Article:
|Publication number||US7998274 B2|
|Application number||US 10/581,774|
|Publication date||Aug 16, 2011|
|Filing date||Dec 10, 2004|
|Priority date||Dec 11, 2003|
|Also published as||CA2549292A1, CA2549292C, US20080163879, WO2005058078A2, WO2005058078A3|
|Publication number||10581774, 581774, PCT/2004/4350, PCT/IB/2004/004350, PCT/IB/2004/04350, PCT/IB/4/004350, PCT/IB/4/04350, PCT/IB2004/004350, PCT/IB2004/04350, PCT/IB2004004350, PCT/IB200404350, PCT/IB4/004350, PCT/IB4/04350, PCT/IB4004350, PCT/IB404350, US 7998274 B2, US 7998274B2, US-B2-7998274, US7998274 B2, US7998274B2|
|Inventors||Antonio Augusto Da Silva Rodrigues, Eduardo JosÚ Faria Miranda|
|Original Assignee||Souza Cruz S.A.|
|Export Citation||BiBTeX, EndNote, RefMan|
|Patent Citations (13), Referenced by (4), Classifications (18), Legal Events (5)|
|External Links: USPTO, USPTO Assignment, Espacenet|
This application is a national stage filing (35 U.S.C. 371) of PCT/IB2004/004350, filed on Dec. 10, 2004 which claims priority to and benefit from Great Britain Patent Application No. 0328644.0, filed on Dec. 11, 2003, currently pending.
This invention relates to smoking articles, and in particular to the location of flavourant in a smoking article, such as a cigarette.
The application of flavourant materials to smoking articles to effect a modification of the smoke characteristics thereof has long been a desirable aim. Flavourant materials have been added to smoking articles in various forms, for example, by spraying a flavourant-containing solution onto tobacco or by applying flavourant material to the cigarette wrapper. However, due to the volatile or semi-volatile nature of many flavourant materials a substantial amount of the flavourant material is lost via evaporation during the manufacture and storage of the smoking articles. This makes accurate positioning of flavourant in a cigarette extremely difficult. Further problems may be encountered upon smoking, during which smoke drawn along the smoking article volatilises the flavourant material throughout the smoking article, resulting in the consumer perceiving an uneven distribution of the flavourant in the smoking article. In order to prevent loss or premature volatilisation of the flavourant material various substances have been utilised to encapsulate the flavourant material.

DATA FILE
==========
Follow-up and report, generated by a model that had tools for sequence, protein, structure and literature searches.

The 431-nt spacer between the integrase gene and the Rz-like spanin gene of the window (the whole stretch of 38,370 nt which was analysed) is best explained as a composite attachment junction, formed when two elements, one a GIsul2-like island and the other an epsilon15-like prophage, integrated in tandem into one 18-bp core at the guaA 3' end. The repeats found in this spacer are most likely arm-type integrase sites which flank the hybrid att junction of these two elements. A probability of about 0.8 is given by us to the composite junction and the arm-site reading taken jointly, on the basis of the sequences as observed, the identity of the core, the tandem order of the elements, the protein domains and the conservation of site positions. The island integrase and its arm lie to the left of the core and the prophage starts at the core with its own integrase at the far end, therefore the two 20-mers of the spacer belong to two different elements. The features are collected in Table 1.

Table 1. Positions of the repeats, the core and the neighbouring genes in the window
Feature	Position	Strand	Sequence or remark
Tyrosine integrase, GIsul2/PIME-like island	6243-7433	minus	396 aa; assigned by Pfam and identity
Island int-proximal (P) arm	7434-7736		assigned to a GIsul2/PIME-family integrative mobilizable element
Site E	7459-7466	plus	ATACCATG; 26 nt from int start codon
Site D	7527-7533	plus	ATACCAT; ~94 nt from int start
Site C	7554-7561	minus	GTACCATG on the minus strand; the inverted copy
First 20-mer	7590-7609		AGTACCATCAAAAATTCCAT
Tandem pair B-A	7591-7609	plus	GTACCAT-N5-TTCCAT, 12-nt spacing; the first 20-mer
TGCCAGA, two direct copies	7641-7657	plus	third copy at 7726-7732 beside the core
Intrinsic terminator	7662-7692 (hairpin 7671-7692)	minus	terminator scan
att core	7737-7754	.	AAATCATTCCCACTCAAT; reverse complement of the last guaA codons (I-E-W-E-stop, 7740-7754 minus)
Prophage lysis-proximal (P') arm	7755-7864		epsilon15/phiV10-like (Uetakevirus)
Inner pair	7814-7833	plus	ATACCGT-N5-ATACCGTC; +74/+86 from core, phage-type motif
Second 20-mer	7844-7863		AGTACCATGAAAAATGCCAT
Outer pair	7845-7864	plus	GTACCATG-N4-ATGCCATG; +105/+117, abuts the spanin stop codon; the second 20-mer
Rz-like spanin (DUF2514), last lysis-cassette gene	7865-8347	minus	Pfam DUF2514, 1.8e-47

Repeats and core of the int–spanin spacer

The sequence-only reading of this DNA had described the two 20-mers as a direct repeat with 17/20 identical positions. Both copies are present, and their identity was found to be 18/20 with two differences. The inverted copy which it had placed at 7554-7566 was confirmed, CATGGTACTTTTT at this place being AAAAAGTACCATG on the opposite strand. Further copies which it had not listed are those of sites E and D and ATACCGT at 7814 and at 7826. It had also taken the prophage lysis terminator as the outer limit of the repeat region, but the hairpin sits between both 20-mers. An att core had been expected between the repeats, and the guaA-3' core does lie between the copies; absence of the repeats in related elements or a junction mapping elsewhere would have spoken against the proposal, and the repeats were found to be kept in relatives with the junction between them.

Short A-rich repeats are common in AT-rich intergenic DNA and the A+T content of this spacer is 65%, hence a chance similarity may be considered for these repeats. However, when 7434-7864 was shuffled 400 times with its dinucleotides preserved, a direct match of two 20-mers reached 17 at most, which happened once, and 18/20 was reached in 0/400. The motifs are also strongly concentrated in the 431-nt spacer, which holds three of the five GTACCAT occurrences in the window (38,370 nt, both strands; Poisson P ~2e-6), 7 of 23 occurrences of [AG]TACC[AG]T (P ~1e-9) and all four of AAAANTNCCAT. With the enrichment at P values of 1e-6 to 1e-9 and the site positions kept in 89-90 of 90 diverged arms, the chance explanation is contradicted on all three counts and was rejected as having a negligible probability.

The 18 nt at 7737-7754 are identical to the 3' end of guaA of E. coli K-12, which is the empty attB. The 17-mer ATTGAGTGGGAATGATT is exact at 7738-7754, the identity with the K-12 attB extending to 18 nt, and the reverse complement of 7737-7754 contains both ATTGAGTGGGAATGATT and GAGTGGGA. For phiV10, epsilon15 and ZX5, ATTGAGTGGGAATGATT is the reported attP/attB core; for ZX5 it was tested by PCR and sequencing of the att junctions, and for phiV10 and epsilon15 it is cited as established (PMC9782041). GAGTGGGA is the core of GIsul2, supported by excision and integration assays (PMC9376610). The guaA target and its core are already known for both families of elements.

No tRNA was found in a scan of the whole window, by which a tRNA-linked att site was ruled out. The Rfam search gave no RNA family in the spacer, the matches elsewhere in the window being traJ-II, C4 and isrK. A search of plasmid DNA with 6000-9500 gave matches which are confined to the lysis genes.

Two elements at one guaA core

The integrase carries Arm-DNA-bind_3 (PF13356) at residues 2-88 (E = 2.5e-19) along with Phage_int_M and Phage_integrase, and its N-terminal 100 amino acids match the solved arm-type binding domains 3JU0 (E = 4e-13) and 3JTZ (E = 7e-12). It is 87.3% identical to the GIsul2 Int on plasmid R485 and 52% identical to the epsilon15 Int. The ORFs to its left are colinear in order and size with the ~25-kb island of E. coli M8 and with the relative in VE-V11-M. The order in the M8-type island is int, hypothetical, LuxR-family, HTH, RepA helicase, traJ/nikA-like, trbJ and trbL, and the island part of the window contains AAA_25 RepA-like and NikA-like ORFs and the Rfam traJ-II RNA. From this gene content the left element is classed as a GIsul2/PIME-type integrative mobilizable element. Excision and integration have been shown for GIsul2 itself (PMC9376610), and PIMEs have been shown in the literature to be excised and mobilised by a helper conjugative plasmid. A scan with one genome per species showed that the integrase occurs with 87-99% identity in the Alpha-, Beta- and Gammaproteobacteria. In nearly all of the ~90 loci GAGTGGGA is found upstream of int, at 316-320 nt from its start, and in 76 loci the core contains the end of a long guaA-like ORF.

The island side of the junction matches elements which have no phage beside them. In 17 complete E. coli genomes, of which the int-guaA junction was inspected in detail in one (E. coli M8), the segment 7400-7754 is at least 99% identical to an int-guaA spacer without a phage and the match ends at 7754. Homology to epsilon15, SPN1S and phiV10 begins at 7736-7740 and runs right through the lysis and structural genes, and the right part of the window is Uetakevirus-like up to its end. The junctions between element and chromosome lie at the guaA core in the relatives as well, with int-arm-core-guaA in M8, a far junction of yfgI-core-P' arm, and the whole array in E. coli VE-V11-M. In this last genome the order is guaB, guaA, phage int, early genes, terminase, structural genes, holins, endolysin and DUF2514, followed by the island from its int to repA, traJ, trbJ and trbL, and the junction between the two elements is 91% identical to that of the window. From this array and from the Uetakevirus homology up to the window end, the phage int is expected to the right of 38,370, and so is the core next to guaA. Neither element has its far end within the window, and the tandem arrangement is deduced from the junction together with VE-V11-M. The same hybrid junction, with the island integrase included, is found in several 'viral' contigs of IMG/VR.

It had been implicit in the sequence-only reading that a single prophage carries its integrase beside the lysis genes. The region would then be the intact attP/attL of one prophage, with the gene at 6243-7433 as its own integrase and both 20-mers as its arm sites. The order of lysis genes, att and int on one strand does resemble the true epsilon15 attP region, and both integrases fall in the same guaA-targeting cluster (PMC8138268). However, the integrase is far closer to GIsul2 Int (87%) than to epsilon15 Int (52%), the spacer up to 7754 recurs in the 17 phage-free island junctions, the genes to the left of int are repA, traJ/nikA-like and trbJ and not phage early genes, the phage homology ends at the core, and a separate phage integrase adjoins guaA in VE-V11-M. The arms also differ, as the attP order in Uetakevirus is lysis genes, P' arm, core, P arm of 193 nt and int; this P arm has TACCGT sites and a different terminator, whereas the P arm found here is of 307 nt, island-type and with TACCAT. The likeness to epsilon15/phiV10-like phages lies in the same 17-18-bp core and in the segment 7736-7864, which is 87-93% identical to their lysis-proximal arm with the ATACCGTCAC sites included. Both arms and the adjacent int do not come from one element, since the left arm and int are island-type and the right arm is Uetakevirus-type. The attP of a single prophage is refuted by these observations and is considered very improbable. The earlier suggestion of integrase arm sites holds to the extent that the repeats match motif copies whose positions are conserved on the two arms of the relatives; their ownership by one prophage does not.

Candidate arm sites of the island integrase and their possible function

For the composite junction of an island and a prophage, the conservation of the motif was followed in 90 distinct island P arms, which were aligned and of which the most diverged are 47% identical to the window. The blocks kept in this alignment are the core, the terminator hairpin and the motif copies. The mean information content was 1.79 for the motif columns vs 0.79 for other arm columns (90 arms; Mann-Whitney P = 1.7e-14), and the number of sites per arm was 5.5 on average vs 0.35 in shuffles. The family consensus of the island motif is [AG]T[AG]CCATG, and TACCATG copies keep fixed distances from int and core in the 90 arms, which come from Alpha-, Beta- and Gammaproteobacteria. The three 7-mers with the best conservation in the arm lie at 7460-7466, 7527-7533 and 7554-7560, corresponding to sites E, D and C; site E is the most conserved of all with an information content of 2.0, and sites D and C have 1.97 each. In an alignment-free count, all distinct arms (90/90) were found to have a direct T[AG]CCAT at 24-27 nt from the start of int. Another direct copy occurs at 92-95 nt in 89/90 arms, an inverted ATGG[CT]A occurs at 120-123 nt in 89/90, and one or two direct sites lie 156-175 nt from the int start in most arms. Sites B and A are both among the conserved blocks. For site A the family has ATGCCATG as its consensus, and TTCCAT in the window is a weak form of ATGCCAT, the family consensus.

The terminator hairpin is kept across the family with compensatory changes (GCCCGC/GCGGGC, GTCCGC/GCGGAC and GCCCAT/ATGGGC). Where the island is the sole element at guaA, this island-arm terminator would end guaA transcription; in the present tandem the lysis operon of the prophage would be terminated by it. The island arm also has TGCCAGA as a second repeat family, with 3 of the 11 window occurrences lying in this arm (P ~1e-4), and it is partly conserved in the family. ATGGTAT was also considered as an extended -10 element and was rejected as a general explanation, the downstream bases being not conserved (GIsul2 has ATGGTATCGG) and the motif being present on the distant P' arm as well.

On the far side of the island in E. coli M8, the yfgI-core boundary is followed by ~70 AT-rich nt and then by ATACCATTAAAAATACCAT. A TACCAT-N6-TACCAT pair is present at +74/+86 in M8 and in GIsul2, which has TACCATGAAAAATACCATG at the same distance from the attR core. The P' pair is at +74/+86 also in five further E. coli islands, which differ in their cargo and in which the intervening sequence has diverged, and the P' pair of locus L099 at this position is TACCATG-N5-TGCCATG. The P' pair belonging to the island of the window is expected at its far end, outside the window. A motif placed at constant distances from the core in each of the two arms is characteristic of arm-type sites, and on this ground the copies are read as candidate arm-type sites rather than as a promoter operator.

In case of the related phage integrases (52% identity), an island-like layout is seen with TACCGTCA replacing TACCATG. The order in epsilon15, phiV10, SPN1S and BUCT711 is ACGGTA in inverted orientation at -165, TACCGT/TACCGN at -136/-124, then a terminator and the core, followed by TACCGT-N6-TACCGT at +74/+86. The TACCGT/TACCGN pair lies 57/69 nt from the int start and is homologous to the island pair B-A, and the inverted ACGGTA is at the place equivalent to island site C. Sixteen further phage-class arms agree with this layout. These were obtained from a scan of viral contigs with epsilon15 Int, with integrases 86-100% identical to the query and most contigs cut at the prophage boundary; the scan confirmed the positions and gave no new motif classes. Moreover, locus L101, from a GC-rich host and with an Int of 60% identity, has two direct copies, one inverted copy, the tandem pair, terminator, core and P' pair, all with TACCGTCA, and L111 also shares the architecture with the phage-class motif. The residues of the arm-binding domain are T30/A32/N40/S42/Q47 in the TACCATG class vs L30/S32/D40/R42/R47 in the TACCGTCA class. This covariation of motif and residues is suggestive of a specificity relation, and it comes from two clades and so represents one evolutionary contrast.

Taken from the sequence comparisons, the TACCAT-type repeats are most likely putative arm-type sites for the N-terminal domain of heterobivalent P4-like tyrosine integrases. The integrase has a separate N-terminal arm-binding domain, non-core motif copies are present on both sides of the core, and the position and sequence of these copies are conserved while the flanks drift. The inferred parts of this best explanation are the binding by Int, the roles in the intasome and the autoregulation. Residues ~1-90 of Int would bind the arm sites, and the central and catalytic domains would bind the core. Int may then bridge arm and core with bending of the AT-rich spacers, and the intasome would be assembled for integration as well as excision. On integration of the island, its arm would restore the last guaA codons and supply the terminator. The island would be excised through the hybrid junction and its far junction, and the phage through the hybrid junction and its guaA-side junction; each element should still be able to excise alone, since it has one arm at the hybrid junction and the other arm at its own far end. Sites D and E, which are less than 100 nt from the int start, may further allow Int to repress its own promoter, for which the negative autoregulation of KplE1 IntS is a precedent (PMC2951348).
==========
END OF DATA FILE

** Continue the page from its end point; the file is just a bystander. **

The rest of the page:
Microencapsulation of flavour has been suggested in GB 2 078 487 which describes a smoking article having a smoke-modifying agent therein. The concentration of the smoke-modifying agent is greater at one, or each, end of the fuel rod of the smoking article. In particular the concentration of smoke-modifying agent is greater at the lighting end of the smoking article. The difference in concentration of smoke-modifying agent within the fuel rod is achieved by passing an air stream through the fuel rod and entraining the smoke-modifying agent in the air stream so that the agent may pass some way along the fuel rod. Each end or only one end of the fuel rod of the smoking article may be treated accordingly. A problem associated with this invention is that the microcapsules of smoke-modifying agent are only blown onto the formed tobacco rod, therefore the particles can drop out of the tobacco rod. It is also difficult to accurately position the microcapsules and obtain a distinct change between a portion of the smoking article without smoke-modifying agent therein and a portion having the agent therein.
Efforts have been made to produce segments comprising different compositions, the segments being positioned one behind another along the length of a smoking article. GB 1 443 402 describes a cigarette comprising at least three individually-wrapped segments surrounded by an outer wrap. Each segment comprises a different blend of tobacco and tobacco substitute material, such as shredded carbon filled paper, with segments at the mouthpiece end of the cigarette containing the greatest amount of tobacco substitute. Smoke constituent yields obtained during smoking are more consistently distributed in comparison to a conventional cigarette not being comprised of segments.
A cigarette having a filling of two axially arranged cartridges each containing a different quality of tobacco material is described in EP 0 468 298. The individually wrapped cartridges are surrounded by an outer wrapper. In one embodiment flavour-affecting panels or discs are arranged perpendicular to the longitudinal axis of the cigarette between adjoining faces of the tobacco-containing cartridges. Thus not only is a different smoke quality achieved between segments but a different flavour occurs at the ‘changeover’ position from one tobacco type to another.
These documents do not provide a means by which a stabilised flavourant may be accurately positioned.
It is an object of the present invention to provide a rod of smokable material that gives different flavour characteristics to the consumer between initial and final puffs when smoked.
This invention also has as an object the provision of simple processes by which a rod of smokable material comprising more than one segment may be produced.
It is a further object of the present invention to provide a stabilised flavourant to allow accurate release of flavourant to a consumer during smoking, and in particular in the final puffs of the smoking article.
The present invention provides a smoking article comprising a rod of smokable material wrapped in a wrapper, the rod comprising two discrete segments in substantially end-to-end abutment, one of the segments comprising an encapsulated flavourant incorporated within a component of the smokable material.
There is further provided a method of producing a smoking article comprising a rod of smokable material wrapped in a wrapper according to the present invention, the method comprising joining the at least two discrete segments in substantially end-to-end abutment of the rod with a wrapper.